Devices for listening aren’t usually considered essential tech. But in recent years, our lifestyles have changed to the point where we should reconsider their value.
Faced with constantly busy schedules, we often find that our best chance to read books is through listening to their audio versions. Expert podcasts have become a vital tool as we try to stay on top of our respective fields. And everyone has had the chance to experience remote working and online learning.
In all of these activities, audio quality makes a big difference. If you’re saving up for Cyber Monday or found an available promo through your UOB credit card, a good audio accessory can be well worth the investment.
But how do you discern real value in this area? Here are the criteria that true audiophiles look at when seeking to maximize their money on a purchase.
The uninitiated might interchange the terms ‘headphones’ and ‘earbuds.’ Those more familiar with their audio tech will know the difference but see it as mostly a matter of taste. They think that you wear whatever’s comfortable or has a good ergonomic fit.
Those things matter, but how your device is worn has a significant impact on its audio quality. Earbuds are compact because they’re meant to be inserted into the ear canal, while headphones are larger because they need to cup over your ears. That difference in design translates to a difference in driver size.
The driver mechanism provides the core sound-producing function of any audio device. And while construction methods and materials used vary greatly, in general, bigger drivers deliver smoother bass and are more consistent over the entire frequency range.
Earbuds generally pack only 7-15 mm drivers, while headphones may have drivers of 40-50 mm. Earbuds can overcome this difference, but it will likely cost you more for premium construction.
Another sound-affecting factor that’s tied to device wearability is noise cancellation. When listening in your home office, personal vehicle, or even public transportation in a quiet, orderly city like Singapore, the outside world isn’t very intrusive. If you live in a noisy place or have resumed working from a busy office, your environment can detract from the experience.
Earbuds and headphones both provide passive noise cancellation, but for the former, it’s highly dependent on fit. Unfortunately, everyone has a unique pattern of cartilage in their outer ear, which can even serve as a fingerprint equivalent. This increases the chances of buying earbuds that don’t fit your ears perfectly. For headphones, it’s much less of a problem.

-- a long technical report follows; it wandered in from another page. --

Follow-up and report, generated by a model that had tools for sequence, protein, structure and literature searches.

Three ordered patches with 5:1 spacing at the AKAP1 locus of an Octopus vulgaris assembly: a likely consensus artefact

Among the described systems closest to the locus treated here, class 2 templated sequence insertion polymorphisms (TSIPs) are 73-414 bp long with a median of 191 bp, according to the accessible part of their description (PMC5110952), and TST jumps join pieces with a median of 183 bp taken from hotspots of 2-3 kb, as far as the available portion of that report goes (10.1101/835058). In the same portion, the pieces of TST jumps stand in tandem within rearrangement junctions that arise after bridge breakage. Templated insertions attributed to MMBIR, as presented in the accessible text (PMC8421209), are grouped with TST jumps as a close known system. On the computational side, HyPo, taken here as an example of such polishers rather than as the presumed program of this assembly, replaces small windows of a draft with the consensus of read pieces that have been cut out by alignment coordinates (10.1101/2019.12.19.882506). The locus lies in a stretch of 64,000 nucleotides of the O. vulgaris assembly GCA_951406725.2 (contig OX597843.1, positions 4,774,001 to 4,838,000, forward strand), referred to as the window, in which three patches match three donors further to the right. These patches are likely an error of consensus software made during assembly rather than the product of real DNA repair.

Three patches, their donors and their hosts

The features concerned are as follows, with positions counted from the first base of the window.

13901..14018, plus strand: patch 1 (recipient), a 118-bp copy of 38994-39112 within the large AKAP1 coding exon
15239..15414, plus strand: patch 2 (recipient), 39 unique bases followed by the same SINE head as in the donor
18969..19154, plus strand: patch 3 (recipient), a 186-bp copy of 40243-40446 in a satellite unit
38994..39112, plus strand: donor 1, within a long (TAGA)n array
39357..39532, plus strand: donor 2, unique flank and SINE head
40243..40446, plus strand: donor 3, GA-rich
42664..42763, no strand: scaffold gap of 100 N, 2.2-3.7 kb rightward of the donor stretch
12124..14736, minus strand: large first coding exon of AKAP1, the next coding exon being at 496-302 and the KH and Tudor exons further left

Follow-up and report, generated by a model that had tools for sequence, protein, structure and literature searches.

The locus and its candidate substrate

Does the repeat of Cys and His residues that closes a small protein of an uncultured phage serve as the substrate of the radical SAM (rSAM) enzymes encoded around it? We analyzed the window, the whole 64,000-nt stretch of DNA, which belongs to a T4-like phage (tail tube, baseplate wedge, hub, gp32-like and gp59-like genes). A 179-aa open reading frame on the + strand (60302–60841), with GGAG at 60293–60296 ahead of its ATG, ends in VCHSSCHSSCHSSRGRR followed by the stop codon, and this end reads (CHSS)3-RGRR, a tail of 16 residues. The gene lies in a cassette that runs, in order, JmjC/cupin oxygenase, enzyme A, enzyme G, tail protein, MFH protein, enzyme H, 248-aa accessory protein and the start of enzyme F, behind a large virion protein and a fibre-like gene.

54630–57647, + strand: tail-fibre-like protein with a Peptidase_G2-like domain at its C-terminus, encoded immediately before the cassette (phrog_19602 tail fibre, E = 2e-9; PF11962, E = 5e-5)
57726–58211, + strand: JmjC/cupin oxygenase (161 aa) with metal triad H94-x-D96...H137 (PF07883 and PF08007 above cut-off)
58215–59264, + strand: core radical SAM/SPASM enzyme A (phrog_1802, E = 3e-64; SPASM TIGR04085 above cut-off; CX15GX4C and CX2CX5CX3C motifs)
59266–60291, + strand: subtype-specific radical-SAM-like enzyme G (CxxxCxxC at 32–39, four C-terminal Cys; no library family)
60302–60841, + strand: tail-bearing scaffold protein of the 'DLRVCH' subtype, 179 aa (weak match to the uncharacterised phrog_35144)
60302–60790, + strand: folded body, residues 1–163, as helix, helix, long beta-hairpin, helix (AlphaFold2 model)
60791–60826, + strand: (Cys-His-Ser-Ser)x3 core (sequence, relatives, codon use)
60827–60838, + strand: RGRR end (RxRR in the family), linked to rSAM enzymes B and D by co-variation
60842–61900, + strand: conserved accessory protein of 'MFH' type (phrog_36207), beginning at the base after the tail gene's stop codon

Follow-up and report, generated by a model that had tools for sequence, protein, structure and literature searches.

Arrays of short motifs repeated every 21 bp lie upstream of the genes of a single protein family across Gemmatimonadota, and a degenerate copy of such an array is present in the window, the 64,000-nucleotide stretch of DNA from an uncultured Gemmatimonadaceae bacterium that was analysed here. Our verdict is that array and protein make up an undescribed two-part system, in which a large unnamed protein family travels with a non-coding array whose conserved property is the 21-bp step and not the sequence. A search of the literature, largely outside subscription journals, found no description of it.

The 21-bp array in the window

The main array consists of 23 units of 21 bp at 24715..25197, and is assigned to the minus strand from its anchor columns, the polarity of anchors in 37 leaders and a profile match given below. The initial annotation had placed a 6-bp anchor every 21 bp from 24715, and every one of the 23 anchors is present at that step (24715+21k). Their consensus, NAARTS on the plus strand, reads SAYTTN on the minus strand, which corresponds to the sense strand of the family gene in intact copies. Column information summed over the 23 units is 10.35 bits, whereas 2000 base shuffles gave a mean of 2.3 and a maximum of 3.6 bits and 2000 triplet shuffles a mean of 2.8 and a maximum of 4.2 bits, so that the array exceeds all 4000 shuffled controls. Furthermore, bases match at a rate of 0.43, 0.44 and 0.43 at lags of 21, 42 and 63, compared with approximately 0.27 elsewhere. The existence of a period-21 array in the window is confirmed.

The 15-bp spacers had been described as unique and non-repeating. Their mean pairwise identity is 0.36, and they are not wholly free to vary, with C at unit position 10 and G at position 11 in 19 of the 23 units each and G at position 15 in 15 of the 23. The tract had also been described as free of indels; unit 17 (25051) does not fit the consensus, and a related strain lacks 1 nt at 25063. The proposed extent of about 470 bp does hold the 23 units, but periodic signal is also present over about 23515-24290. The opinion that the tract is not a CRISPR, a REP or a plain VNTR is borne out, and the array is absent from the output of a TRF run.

For audiophiles who nonetheless prefer earbuds, there are other solutions. You can buy third-party memory foam tips, which can improve snugness of fit and do a better job of shutting out the background noise. High-end earbuds (and headphones, for that matter) may also have an active noise cancellation feature, neutralizing ambient sounds before they reach your inner ear.
Wired versus wireless
Wireless audio devices have become a popular mainstream option. Yet research has consistently shown that wired devices offer better sound quality.
Wired headphones or earbuds plug directly into the amp and power of whatever device is playing media. This means the pathway of sound to your ear is analog, simple, with minimal loss of information.
By contrast, wireless audio relies on Bluetooth technology, which compresses the data coming from your media device. It’s then decompressed at the output end for speakers to play into your ear. At both junctures, loss of signal happens.
Whether this quality loss is significant depends on your situation and purposes. It might not be a big deal if you already have good noise cancellation, big drivers, and a quiet environment. Otherwise, going wired could make a real difference, provided you can avoid getting tangled up or yanking on the cord by accident.
An audio accessory’s impedance properties seldom receive attention from non-audiophiles. In electronics, impedance refers to a circuit’s resistance to electric signals passing through. And specific to audio devices, that means less sound is relayed with a higher impedance.
If you want to optimize sound quality, it usually makes sense to buy accessories with lower impedance. Most users will be playing their media on a phone, tablet, or laptop, and these generally don’t pack amplifiers with a lot of power.
But you have to remember that impedance must be scaled to match the media device’s output. If you’re hooking up your earbuds or headphones to a home theater system, for instance, the powerful amplifiers can blow out the sound. You’ll need high-impedance accessories in that situation.
Overall, you don’t need to aim for a maximum on all these factors. Just consider your typical use case, and look to balance them in the right way to find an accessory that can deliver great sound quality.